Activists occupy part of Wailoa state park

  • In this screenshot from a video by Gene Tamashiro, protestors hold hands while defending Kanaka Gardens in front of King Kamehameha statue in Hilo on Sunday, Jan. 3, 2021.

  • Kelsey Walling/Tribune-Herald Gene Tamashiro talks about the reasons for peaceful protesting in front of the King Kamehameha statue in Hilo on Monday, Jan. 4, 2021.

  • Kelsey Walling/Tribune-Herald A banner was made to welcome then-Mayor Harry Kim, then-Prosecutor Mitch Roth and then-Corporation Counsel Joe Kamelamela to a judicial assembly last September and was hung up while people protest in front of the King Kamehameha statue in Hilo on Monday, Jan. 4, 2021.

  • Gene Tamashiro sings while playing the drums while Kaleo Zuleo plays along on flute while they peacefully protest in front of the King Kamehameha statue in Hilo on Monday, Jan. 4, 2021. (Kelsey Walling/Hawaii Tribune-Herald)

  • On Sunday, new plants were planted in Kanaka Gardens by the King Kamehameha statue and remain planted in Hilo on Monday, Jan. 4, 2021. (Kelsey Walling/Hawaii Tribune-Herald)

  • Gene Tamashiro points to documents that have been printed and displayed in front of the King Kamehameha statue in Hilo on Monday, Jan. 4, 2021. (Kelsey Walling/Hawaii Tribune-Herald)

A group claiming the authority of the Hawaiian Kingdom has again set up camp in Hilo’s Wailoa State Recreation Area and planted taro and fruit trees it describes as a “kanaka garden” on the lawn near the statue of Kamehameha the Great.

In a video posted on YouTube, Gene Tamashiro, a longtime Hawaiian sovereignty activist who identifies himself in a “investigation and order to cease &desist” document as “Hawaiian Kingdom Governance Authority,” described the demonstration Sunday as “an occupation” and urged others to join.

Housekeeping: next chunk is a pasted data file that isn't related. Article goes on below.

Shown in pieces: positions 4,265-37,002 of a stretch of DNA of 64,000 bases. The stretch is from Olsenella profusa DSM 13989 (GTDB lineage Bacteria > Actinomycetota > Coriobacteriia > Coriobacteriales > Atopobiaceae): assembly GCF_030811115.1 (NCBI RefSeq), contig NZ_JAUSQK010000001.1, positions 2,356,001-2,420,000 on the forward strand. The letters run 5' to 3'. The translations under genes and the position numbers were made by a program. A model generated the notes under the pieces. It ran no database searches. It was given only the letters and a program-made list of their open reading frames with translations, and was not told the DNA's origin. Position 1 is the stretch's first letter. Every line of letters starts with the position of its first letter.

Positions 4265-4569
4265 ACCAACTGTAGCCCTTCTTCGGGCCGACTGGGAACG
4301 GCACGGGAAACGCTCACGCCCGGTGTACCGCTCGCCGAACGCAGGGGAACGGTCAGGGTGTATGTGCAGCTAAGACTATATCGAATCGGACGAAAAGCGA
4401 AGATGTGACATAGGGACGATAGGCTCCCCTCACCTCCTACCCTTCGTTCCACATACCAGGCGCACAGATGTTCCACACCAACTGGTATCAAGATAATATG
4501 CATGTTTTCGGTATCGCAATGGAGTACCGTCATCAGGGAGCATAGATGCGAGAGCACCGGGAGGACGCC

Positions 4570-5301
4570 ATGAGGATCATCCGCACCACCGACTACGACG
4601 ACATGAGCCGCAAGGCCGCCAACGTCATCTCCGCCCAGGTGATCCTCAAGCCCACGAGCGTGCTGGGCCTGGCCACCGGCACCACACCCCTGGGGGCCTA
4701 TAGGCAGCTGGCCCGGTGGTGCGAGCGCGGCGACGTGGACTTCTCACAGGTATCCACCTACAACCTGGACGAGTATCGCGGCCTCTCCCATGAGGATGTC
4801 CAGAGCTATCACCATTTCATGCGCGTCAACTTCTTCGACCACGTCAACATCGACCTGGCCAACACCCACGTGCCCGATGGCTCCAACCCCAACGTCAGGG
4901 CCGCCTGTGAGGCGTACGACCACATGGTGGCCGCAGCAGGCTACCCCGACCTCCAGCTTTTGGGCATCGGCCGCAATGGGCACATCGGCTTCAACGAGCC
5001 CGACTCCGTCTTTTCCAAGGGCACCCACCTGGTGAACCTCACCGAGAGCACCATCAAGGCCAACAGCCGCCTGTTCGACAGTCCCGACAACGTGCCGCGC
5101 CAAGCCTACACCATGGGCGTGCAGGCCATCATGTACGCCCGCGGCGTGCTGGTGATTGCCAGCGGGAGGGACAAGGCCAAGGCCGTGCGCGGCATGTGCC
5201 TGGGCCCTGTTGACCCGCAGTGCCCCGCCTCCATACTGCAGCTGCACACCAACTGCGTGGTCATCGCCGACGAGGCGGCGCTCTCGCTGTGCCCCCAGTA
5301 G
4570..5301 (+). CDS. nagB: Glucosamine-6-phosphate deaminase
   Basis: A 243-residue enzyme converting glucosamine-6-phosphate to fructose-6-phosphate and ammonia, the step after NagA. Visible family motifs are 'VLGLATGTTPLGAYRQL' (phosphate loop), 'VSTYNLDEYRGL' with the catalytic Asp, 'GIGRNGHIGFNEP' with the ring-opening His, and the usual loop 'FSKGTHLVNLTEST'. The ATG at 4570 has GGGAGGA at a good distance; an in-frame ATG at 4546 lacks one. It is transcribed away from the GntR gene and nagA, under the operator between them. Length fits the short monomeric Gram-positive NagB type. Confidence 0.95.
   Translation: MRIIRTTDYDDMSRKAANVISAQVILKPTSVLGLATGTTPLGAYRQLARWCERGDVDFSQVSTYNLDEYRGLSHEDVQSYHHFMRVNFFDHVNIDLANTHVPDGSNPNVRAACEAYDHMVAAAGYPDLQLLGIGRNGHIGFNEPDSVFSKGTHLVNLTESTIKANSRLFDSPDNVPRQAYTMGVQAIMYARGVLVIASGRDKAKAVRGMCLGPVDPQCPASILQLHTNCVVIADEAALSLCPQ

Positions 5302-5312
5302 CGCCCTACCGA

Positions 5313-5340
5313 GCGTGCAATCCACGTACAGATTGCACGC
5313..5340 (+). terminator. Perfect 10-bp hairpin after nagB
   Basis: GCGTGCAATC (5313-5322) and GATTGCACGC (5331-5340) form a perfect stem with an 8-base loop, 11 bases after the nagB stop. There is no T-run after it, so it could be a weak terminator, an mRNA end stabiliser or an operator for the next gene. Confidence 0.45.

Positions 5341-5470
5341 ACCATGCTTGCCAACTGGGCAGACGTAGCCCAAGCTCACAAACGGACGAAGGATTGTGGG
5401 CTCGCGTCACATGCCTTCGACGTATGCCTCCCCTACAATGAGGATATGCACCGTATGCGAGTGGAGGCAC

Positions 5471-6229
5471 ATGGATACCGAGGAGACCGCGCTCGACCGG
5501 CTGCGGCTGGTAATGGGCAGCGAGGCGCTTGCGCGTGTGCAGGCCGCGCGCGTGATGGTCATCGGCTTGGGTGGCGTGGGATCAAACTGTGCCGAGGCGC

ADVERTISING


“We are now given the opportunity and charged with the responsibility to hold space,” Tamashiro said, while dozens of demonstrators circled behind him, some holding hands and most, if not all, maskless. He urged that actions taken by the group be done “with aloha.”

On Monday morning, the group had dwindled to a half-dozen or so, with Tamashiro noting “it’s early” and saying he expected more later in the day. Tamashiro played congas in the style of Hawaiian pahu along Kamehameha Avenue while Kaleo Zuleo, a man Tamashiro described as “our shaman,” played a small flute.

As claimed by Tamashiro and others occupying the same space and planting a kanaka garden in 2012 and 2013, he said the county and the state Department of Land and Natural Resources had taken what he described as crown lands deeded to the Hawaiian people without due process.

“They pulled the plants without due process four times,” Tamashiro said.

Police evicted activists from the park the day before the Merrie Monarch Festival Parade — which starts within the park — in April 2013, and numerous people were arrested, including Hawaiian elder Abel Lui.

Tamashiro said Kamehameha III deeded the land as “private property in the public trust.”